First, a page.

Our first unit study was a success! Our week consisted of exploring the wetlands, observing critters but most importantly, lots of fun.
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We had a big day last weekend visiting Wolf Creek National Fish Hatchery with our homeschool group! The theme was on wetlands and I had the idea to do a a little unit study to go along with it. Since Wyatt is technically only in Pre-K we kept it very simple with lots of play involved.
The field trip was right up Wyatt’s ally (and mine too). We love all things nature, exploring and observing. If it involves water then even better! The goal was to have lots of fun and a bit of learning too of course. I’d call it a success!
Homeschool Wetlands Study Video
Wolf Creek National Fish Hatchery Field Trip
The Classroom: Wetlands Metaphors
We started the morning off at 8:30 in the classroom and decided on watching a quick film of the history of Wolf Creek Dam while waiting for others to arrive. Once everyone was there and ready to roll we began the class with a bit of reading on books all about wetlands and then learned a few metaphors. The ladies passed around random objects to students and the kids had to figure out how that object might work similar in a wetland.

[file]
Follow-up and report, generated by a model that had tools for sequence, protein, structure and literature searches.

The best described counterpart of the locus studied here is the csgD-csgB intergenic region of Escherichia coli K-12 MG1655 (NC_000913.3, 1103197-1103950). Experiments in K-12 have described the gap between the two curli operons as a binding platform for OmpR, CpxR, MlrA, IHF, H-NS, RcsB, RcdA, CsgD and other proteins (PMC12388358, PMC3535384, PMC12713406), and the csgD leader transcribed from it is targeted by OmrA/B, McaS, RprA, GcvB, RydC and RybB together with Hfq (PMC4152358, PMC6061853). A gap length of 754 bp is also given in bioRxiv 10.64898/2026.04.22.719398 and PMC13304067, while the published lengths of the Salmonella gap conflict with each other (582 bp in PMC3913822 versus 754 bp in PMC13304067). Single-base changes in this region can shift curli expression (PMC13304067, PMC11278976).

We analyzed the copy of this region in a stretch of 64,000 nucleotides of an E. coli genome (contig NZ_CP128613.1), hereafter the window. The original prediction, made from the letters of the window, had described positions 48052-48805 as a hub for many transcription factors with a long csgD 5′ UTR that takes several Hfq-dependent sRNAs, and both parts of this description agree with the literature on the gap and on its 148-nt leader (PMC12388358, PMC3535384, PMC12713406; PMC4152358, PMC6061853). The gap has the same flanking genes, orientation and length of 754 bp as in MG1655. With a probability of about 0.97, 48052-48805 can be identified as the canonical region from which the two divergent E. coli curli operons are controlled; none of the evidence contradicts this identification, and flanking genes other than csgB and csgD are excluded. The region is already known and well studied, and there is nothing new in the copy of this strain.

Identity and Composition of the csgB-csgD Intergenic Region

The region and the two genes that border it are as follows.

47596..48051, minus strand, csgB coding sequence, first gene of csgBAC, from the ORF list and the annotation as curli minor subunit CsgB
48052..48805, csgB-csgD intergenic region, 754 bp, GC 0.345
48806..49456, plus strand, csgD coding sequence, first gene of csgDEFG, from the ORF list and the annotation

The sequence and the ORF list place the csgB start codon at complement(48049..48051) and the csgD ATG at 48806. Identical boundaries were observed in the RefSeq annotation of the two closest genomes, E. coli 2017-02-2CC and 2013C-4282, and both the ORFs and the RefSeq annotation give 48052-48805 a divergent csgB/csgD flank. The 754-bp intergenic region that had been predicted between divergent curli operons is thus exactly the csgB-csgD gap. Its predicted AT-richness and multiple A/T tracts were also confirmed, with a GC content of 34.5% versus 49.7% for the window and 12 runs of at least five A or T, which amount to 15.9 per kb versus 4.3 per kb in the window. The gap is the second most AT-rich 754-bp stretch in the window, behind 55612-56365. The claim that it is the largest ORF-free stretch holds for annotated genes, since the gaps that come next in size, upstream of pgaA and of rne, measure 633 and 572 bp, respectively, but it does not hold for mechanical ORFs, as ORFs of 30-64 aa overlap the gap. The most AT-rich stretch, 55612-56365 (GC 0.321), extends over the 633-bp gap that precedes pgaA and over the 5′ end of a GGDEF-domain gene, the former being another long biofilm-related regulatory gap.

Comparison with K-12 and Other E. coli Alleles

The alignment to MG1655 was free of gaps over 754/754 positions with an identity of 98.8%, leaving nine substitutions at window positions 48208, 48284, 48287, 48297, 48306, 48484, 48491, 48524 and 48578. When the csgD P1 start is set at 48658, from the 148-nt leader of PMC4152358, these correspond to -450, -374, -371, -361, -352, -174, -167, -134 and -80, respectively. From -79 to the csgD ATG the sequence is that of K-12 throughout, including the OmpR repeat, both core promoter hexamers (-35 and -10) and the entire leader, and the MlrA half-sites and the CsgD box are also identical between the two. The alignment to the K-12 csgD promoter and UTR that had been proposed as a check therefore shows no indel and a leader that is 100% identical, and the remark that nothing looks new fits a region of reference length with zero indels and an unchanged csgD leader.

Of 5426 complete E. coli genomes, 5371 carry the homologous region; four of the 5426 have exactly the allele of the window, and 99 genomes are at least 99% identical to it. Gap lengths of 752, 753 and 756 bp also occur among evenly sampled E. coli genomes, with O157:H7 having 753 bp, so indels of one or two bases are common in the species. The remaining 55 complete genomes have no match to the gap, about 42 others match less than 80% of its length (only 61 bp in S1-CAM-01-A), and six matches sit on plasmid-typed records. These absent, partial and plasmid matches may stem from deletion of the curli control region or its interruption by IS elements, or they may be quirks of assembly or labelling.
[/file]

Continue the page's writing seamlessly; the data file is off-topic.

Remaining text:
Although my 4 year old was oblivious to mostly everything, I thought it was such a neat little lesson. He may have been a bit more interested in the frogs and snakes who were just outside the classroom in their cages but that’s totally okay! Any clues on what he wants as his next pet? Yea, probably not happening.
Learning About The Food Web
After finishing up in the classroom we split into 2 groups. The older kids went on to the wetlands for some exploration while us younger ones learned about the food web. The kids gathered in a circle and each played the part of a different consumer in an ecosystem. One child who stood in the middle of the circle was “the sun.” Of all of the cool animals mine decided to go with Zooplankton… I guess all are important though, right?